The refractive index profile (RIP) was measured by Interfiber Analysis (Livingston, New Jersey) at wavelengths of both 1000 and 1550 nm, using a spatially resolved Fourier-transform technique . For the subsequent calculations derived from Brillouin scattering measurements at 1534 nm, the measured refractive index difference at the wavelength 1550 nm was utilized. The measurement at 1000 nm was principally performed to get a sense of the dispersion in .
Compositional electron probe microanalyses (EPMA) of the fiber cross sections were performed using both energy dispersive (EDX) as well as wavelength dispersive (WDX) x-ray spectrometry on a JEOL microprobe JXA8800L. The energy of the exciting electrons was mostly set to 20 keV. The elemental uncertainty is around in the case of the standard related quantitative WDX measurements. All fiber samples were coated with approximately 20 nm carbon prior to analysis to provide a conductive layer to mitigate charging effects from the glass. For high-resolution imaging of the fiber cross sections, a field emission scanning electron microscope JEOL JSM-6300F, with a YAG-detector for the backscattered electrons (BSE; compositional contrast), was used. Throughout the remainder of this paper,  is defined to be the concentration in units of mole percent, unless otherwise stated. Figure 2 provides the results of the RIP measurements and the measured alumina and lanthana concentrations at the core center are provided in Table 1. In the final fiber, the alumina-to-lanthana ratio was approximately 1.21, and a slight decrease is observed in with a decrease in the wavelength.
B. Diffusion Experiments
Based on observations of the decreasing numerical aperture during fiber fabrication, an investigation on diffusion and phase segregation was performed. These investigations were helpful for the understanding of compositional effects (e.g., refractive index, expansion coefficient, etc.) and the limits of hot processing steps during the fiber fabrication. Initially, hybrid fibers with a core composition of (for active fibers lanthanum oxide can be partially substituted by ytterbium or other rare-earth oxides) and a silica cladding were fabricated. Calculating the NA from the starting materials, a value of 0.65 was expected; however, a value of 0.32 was instead measured by the refracted near-field (RNF) method. A RIP measurement on the neck down region showed the already strongly decreased refractive index (Figs. 3 and 4). This suggests a significant change of the core glass composition during the hot processing steps. The reduction in the core refractive index is likely due to the dissolution of lower-index silica from the cladding into the higher-index core. A loss measurement substantiated the idea of a “dilution” of the core material by high-purity silica. The change of the drawing conditions (changing of the preform feed rate from 1 to ) has shown a significant reduction of the fiber attenuation from 2.1 to at 1200 nm (Fig. 5). The results are in good agreement with diffusion investigations made by Dejneka et al.  and Cheng and Dejneka .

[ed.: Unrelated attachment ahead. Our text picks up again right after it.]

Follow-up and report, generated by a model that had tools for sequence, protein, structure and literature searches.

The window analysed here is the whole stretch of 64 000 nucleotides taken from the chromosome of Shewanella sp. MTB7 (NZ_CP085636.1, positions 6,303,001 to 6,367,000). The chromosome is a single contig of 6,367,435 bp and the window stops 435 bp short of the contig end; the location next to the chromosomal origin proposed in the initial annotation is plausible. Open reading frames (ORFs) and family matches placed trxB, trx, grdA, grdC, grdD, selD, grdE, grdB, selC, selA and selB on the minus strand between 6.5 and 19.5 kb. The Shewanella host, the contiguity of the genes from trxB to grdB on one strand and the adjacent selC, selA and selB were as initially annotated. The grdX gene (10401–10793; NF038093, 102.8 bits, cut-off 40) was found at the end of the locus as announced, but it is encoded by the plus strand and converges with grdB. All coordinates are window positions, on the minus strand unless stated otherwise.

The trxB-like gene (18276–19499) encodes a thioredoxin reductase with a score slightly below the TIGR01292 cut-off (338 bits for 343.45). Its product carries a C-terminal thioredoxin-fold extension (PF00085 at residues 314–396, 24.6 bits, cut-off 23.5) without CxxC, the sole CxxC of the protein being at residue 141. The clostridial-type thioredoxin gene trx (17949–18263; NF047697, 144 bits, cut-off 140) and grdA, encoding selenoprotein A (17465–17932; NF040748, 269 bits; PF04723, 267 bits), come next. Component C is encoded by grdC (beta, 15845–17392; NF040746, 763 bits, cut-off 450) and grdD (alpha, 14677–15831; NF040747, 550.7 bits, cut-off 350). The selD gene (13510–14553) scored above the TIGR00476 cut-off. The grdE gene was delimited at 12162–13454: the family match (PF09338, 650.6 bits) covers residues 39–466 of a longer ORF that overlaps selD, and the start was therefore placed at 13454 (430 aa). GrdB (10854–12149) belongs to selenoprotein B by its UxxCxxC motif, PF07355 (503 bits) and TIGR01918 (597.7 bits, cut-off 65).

To investigate the influence of time and temperature on the core material, a cane () was drawn from a SAL core glass and silica glass cladding. The core diameter was measured to be 0.1 mm. A sample with an initial core composition of was utilized for these tests. It was not possible to simulate the drawing conditions regarding the temperature due to expected strong mechanical deformations and an unknown exact temperature inside of the drawing furnace. Therefore, the samples were tempered for 200 h at 1100°C. The temperature of 1100°C was chosen as one between the transformation temperature of the core glass (840°C) and the cladding material (1170°C) to prevent significant sample deformation. Before and after tempering, EDX spot analyses were made to determine the core composition.
The FE-SEM BSE images (Fig. 6) show the core clad interface of the hybrid fiber sample before and after tempering. Phase separation clearly occurs in the core region and consists of two layers. The outer layer (L1) is about 0.4 μm thick and rich. The inner layer (L2) has a thickness of about 15 μm and shows drop-shaped phase separations embedded in a homogeneous matrix. Results of the EPMA investigations are shown in Table 2. A clear elemental analysis was only possible for the inner layer L2. The analysis shows a strong compositional change already occurring during the cane fabrication ( enrichment). However, the additional tempering step (1100°C/200 h) initializes the phase separation mainly in the core periphery. As there was no phase separation observed in pure core glasses (even after several drawings), besides a certain temperature and time, a surplus of is needed to initialize this process. This surplus of can trace its origins to the cladding glass.